Myanmar: Refugees still on the run
NewsNotes, March-April 2010
A year ago, the world was shocked by images of boatloads of ethnic Rohingya refugees from Myanmar being pushed out to open sea off the Thailand coast to fend for themselves with little food or water.
The plight of the Muslim Rohingya boat people from Myanmar's northern Rakhine State galvanized international attention, and highlighted a refugee crisis that seemingly has become part of the region's geopolitical make-up.
According to the UN Refugee Agency (UNHCR), Myanmar is the largest source of refugees in Southeast Asia; globally, it ranked 13th behind Iraq, Afghanistan and Somalia at end-2008.
In what is described by the UN and specialists as one of the world's most intractable refugee situations, people have been fleeing Myanmar for more than a quarter of a century.
Analysts say the root causes of Myanmar's refugee exodus lie in the ethnic and political conflicts since independence in 1948 from the British.
Myanmar, with an estimated population of 57.6 million, is one of the most ethnically diverse countries in Southeast Asia.
About two-thirds of the population are ethnic Burmese, while the remainder are Shan, Karen, Rakhine, Chinese, Mon and Indian, as well as the Akha, Chin, Danu, Kachin, Kokang, Lahu, Naga, Palaung, Pao, Rohingya, Tavoyan and Wa peoples. There are about 135 ethnic sub-groups, according to the government.
The minorities live mostly in the hills and mountains bordering Bangladesh, China, India, Laos and Thailand, while the Burmese are found in the central alluvial plains and major towns and cities.
The military, which has ruled Myanmar since 1962, has sought a centralized, unitary state, while ethnic groups want a federal structure and greater independence and autonomy, as well as greater recognition of their cultures.
"The root problem is that the government does not recognize ethnic aspirations and appears to want total military victory. Nothing will improve if that's what they want to do," said Jack Dunford, executive director of the Thailand Burma Border Consortium (TBBC), which provides food and shelter in nine refugee camps in Thailand, one of 18 NGOs working in the camps.
While several armed ethnic groups have signed ceasefire agreements with the government, there are long-running insurgencies in the country's border regions by groups such as the Karen National Union (KNU).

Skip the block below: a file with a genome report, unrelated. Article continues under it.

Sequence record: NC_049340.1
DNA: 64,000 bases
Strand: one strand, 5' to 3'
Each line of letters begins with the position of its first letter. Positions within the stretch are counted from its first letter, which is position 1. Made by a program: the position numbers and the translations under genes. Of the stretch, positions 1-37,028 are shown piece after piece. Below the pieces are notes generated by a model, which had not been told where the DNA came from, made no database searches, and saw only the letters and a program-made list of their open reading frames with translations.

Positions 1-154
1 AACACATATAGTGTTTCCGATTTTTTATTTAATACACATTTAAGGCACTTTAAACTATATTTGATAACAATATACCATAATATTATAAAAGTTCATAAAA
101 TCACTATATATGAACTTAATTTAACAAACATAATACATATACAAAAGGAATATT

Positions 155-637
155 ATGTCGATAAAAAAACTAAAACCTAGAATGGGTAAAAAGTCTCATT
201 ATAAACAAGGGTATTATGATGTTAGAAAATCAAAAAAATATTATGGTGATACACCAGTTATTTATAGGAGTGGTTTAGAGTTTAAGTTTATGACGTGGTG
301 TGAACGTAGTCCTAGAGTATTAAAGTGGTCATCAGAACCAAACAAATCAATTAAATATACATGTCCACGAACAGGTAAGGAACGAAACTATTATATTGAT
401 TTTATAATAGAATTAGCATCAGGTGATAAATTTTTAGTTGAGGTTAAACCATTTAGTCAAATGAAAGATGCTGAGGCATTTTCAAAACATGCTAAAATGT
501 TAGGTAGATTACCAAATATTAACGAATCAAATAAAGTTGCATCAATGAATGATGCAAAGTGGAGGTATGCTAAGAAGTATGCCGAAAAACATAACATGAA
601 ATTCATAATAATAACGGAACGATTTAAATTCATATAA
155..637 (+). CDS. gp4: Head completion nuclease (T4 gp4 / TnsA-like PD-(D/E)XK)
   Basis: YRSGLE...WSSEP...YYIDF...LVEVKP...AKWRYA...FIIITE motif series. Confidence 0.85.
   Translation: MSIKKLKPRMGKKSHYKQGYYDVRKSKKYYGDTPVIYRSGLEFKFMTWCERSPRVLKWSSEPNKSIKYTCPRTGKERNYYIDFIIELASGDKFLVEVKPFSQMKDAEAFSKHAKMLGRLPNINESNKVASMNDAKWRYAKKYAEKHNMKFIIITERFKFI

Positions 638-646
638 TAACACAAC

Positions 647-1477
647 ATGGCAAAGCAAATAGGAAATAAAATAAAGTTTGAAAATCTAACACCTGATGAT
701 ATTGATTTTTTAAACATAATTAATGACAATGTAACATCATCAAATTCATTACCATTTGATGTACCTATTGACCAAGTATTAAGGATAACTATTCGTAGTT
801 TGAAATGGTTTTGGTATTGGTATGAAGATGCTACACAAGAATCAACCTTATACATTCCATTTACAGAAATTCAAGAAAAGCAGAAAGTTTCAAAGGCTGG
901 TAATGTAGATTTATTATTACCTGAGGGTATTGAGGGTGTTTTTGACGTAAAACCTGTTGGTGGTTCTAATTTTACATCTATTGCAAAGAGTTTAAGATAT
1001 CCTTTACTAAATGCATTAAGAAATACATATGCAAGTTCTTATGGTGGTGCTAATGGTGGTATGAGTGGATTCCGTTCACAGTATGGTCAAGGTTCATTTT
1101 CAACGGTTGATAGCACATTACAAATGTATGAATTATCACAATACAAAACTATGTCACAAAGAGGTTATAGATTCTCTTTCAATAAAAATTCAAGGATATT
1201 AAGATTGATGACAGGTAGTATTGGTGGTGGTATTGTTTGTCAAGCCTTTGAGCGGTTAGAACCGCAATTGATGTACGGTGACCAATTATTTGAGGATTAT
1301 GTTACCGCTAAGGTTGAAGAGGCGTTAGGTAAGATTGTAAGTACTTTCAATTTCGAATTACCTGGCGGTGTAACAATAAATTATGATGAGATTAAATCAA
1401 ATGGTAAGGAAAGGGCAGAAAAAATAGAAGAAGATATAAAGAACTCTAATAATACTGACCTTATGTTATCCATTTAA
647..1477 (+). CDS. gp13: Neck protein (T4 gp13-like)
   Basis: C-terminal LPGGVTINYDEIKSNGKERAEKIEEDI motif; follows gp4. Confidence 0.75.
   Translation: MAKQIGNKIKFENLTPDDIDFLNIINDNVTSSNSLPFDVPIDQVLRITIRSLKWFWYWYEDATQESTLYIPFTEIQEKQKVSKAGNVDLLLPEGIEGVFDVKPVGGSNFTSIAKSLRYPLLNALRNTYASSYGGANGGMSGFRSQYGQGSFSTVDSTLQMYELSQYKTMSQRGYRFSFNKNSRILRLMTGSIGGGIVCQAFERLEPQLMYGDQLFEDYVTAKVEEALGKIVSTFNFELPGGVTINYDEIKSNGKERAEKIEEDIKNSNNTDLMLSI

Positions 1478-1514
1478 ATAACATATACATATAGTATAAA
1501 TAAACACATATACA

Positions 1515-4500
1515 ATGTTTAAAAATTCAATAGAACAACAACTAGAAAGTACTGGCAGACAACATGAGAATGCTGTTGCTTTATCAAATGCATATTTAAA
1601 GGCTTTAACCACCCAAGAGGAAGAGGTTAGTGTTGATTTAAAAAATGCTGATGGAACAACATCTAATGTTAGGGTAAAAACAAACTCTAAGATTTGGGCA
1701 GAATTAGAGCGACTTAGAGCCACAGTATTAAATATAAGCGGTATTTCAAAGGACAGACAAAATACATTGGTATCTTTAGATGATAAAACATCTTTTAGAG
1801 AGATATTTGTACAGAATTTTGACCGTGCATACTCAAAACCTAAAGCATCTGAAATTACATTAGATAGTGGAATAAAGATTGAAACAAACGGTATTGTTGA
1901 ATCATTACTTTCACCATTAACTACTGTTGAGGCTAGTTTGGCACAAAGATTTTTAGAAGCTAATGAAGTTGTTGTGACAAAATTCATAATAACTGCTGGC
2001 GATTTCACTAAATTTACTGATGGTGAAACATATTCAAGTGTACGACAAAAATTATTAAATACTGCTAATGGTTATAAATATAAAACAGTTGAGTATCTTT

The insurgencies, the government's counter-insurgency strategies and growing militarization have seen civilian populations increasingly bearing the brunt of the conflict and fleeing.
Forced labour by the military, the forced relocation of villages, enforced disappearances, rape and other forms of sexual violence, torture, arbitrary detentions, and discrimination against ethnic minorities are all cited as concerns in Myanmar by the UN and international rights groups.
Regional action urged
Burmese refugee populations are mainly found in Thailand, Malaysia, Bangladesh and India, though some Rohingya travel as far afield as Saudi Arabia.
The refugees are vulnerable to human traffickers and people smugglers. Where there are no refugee camps, they receive little support and are routinely subject to detention, discrimination, harassment and exploitative working conditions, rights groups say.
None of the main asylum countries in Asia is a signatory to the 1951 Convention Relating to the Status of Refugees or its 1967 Protocol, leaving Burmese refugees with little protection or recognition of their rights.
Kitty McKinsey, regional spokeswoman for UNHCR, said many Asian countries lacked national refugee legislation, with the result that legitimate asylum seekers and refugees are instead treated as migrants in breach of immigration laws.
Countries "feel the right place for them is in an immigration detention centre. So they quite often put people in detention who we think are asylum seekers and refugees," she said.
With few prospects for change in Myanmar's domestic politics, rights groups have long urged regional governments to exert political pressure on the military government to reform.
"Burma has been like a pressure cooker and the international community has worked [hard] over the past few decades to ease the pressure minimally," said Debbie Stothard, coordinator of the rights group, Altsean-Burma. "There hasn't been the political will to fundamentally resolve the root causes that have pushed people out of Burma."
The Association of Southeast Asian Nations, which includes Myanmar, has maintained a policy of "constructive engagement" with the country and does brisk trade with it.
Myanmar, rich in natural resources such as oil, gas, and timber, also counts regional superpowers China and India among its allies, helping to buffer international criticism.
"We need to understand holistically that all of these things are connected, that working with the regime for short-term gain or trying to accommodate the regime's misbehavior for the sake of geopolitical interests entails the cost of receiving asylum seekers and hosting them," said Stothard.